When will it be OK to use non-fibrous metals in your body?
Experts have been debating the use of non-machinery metals for the past 20 years, but this year a breakthrough in a new lab-developed process promises to change all that.
The lab, called the Nanophase Bioelectronics Nanoparticle, could potentially revolutionise the way we manufacture and use non-“ferrous” metals.
This is because, while they can be used in the manufacturing process, non-metals are not as robust as metals.
“It has to be the best alloy that is both stable, with a low melting point, and very low viscosity,” says Dr Joanna Williams, an expert in nanotechnology and nanostructures at the University of Melbourne.
The new process, called Nanophases, combines titanium dioxide, a key building block of biological cells, with non-metal nanocrystals.
The nanocrystal can be created by combining titanium dioxide and a variety of other metals, including tin and manganese.
These metallic nanocrysts can then be melted down to produce titanium dioxide.
This is a critical step because the metal nanocryst is the main building block for cells in the body.
The nano-metal nanoparticles can then attach themselves to the surface of the titanium dioxide (TiO 2 ) and bond with the titanium oxide to form a polymer.
This polymer can then bond to the underlying structure of the cell to form the desired structures.
“We’re basically creating a new way of manufacturing that can be mass-produced in a nanometer scale,” says Williams.
“This process has the potential to revolutionise biomedical engineering, and it’s just in the very early stages of development.”
Dr Williams is one of a number of researchers who have been working to develop the nanophases nanocomposite in a lab in Melbourne, Australia.
It was developed by the University’s Nanophasing Centre at the Institute of Nanoscience, and has been licensed to other institutions.
“The Nanophased Bioelectronic Nanoparticles are made from the same process that is used in nano-scale manufacturing to create the nano-size structures of proteins and DNA, and is now being developed for use in biotechnology,” says University of Queensland PhD student Dr Jie Zhang.
Dr Zhang is now using this nanocompose to make prosthetics, which are currently being developed in China.
“There are other processes that have been used for bioelectronics, but the nanoscale and nanophasing process has been particularly useful,” she says.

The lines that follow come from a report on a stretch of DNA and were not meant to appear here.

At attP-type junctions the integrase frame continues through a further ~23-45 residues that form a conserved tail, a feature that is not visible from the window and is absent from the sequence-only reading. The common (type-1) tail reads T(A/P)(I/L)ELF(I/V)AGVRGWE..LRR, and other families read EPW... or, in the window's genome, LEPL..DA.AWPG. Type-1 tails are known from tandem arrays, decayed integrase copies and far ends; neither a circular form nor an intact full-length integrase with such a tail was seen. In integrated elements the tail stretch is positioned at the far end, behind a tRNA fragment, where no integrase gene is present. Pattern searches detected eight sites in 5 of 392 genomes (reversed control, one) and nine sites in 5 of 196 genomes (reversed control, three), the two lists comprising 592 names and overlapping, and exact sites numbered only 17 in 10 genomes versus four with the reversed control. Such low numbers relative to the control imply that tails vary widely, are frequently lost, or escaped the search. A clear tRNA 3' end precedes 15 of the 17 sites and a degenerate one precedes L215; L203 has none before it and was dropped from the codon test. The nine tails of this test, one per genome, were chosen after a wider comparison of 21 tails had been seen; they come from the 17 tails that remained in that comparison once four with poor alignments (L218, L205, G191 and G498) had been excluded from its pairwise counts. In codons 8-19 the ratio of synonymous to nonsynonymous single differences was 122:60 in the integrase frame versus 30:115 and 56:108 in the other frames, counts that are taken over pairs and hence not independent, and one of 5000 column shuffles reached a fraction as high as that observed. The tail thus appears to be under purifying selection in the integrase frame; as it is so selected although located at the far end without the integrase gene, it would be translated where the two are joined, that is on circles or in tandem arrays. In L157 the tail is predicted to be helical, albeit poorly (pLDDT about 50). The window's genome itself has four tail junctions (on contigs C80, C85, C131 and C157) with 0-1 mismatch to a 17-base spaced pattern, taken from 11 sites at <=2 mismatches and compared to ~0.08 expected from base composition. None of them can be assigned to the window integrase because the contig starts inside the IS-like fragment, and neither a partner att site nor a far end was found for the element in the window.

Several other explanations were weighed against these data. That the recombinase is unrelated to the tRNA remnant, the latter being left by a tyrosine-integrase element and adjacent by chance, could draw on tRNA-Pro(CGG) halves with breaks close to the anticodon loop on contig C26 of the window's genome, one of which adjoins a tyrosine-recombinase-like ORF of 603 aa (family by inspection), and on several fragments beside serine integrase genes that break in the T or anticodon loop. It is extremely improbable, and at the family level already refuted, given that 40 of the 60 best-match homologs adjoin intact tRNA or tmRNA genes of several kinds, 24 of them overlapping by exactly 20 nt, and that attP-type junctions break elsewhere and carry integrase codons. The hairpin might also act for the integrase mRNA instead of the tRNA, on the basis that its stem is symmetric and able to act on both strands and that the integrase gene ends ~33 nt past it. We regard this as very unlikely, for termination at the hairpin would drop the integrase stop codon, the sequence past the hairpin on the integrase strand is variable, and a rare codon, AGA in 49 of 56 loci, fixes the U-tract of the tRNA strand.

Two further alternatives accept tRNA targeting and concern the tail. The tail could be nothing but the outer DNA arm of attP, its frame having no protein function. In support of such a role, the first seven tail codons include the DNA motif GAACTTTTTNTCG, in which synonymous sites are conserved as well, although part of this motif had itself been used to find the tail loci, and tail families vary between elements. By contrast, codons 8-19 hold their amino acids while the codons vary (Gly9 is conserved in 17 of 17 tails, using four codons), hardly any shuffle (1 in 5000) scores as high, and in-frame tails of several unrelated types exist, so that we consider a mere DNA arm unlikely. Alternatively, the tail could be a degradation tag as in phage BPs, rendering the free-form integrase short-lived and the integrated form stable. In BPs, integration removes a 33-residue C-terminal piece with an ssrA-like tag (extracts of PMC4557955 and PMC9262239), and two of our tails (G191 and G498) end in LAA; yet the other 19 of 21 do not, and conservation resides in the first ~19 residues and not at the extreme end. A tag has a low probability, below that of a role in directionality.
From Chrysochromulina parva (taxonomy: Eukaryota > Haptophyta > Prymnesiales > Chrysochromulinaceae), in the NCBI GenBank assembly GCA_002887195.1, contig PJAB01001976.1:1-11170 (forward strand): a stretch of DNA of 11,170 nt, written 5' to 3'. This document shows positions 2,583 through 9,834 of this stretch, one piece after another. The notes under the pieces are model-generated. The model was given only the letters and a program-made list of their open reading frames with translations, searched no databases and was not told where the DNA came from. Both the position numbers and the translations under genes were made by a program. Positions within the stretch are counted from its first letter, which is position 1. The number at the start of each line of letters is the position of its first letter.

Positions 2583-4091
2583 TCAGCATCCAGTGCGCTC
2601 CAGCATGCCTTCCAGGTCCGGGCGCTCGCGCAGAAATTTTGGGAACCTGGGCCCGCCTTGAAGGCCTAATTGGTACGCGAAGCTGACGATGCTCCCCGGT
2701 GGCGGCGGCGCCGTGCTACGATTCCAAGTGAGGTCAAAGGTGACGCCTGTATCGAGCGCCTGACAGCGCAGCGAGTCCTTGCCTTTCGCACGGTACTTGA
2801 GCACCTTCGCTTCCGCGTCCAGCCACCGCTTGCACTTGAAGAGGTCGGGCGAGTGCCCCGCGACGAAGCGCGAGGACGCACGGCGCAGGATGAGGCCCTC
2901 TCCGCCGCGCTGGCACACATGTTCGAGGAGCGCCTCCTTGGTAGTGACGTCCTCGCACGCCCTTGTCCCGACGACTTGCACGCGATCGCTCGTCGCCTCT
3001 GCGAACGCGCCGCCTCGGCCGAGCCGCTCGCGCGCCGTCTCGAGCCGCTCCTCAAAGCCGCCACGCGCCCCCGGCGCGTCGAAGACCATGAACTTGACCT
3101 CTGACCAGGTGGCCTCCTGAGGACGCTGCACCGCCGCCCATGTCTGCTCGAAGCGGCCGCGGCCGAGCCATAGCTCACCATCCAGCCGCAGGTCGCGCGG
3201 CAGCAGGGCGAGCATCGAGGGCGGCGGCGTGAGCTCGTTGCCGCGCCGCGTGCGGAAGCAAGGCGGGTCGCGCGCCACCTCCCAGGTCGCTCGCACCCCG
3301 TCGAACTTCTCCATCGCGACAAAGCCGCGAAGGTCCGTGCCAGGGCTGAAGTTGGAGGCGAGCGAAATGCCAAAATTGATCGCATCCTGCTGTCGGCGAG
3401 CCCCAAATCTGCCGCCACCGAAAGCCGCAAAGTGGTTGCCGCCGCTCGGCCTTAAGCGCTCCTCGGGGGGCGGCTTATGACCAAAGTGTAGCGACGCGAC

“If we can use the same materials, the same manufacturing process and use it in prosthetics that we’ve used for nano-composites, then it could allow us to create much larger and more complex prosthetic structures.”
The first prosthetic device that can use a nanocomplex is the Biomimetic Hand, developed by Dr Zhang and her colleagues.
It uses a titanium dioxide nanocompo, a material that is widely used in prosthetic materials.
Dr Williams hopes that this process will also be useful in the nanoplastics industry, which is dominated by the titanium industry.
“When you look at materials that are made of nanoscales and nano-sized structures, there are many advantages of the nanocomposition,” she explains.
“One of the most important advantages is the high mechanical strength of the material and the flexibility of the structure.”
Another benefit is the low visco-elasticity, and the low density of the materials.
So there are a lot of advantages in using a material like titanium dioxide in the materials that we use to manufacture prosthetics.
“The Nanopases NanoComposite is currently being manufactured in the lab of Dr Zhang’s group.
This first-of-its-kind work is a first step towards making these new materials commercially available.”
While we are at the beginning, we are confident that we have a very promising pathway forward,” says Professor Joanna Millington, a nanotechnology expert from the University and a member of the Institute for Nanosciences.”
I am optimistic that the nanomaterials can be manufactured using these materials in the future.
“However, I also believe that we need to ensure that the processes are as transparent and safe as possible, and to do this we need the right regulatory framework,” she adds.
The NanoComplex has been used in medical devices, and will soon be used for prosthetics as well.
“Ultimately the nanoparticles can be very flexible,” says Millingford.
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This will be a very exciting future and one that I expect to see for many years to come.”
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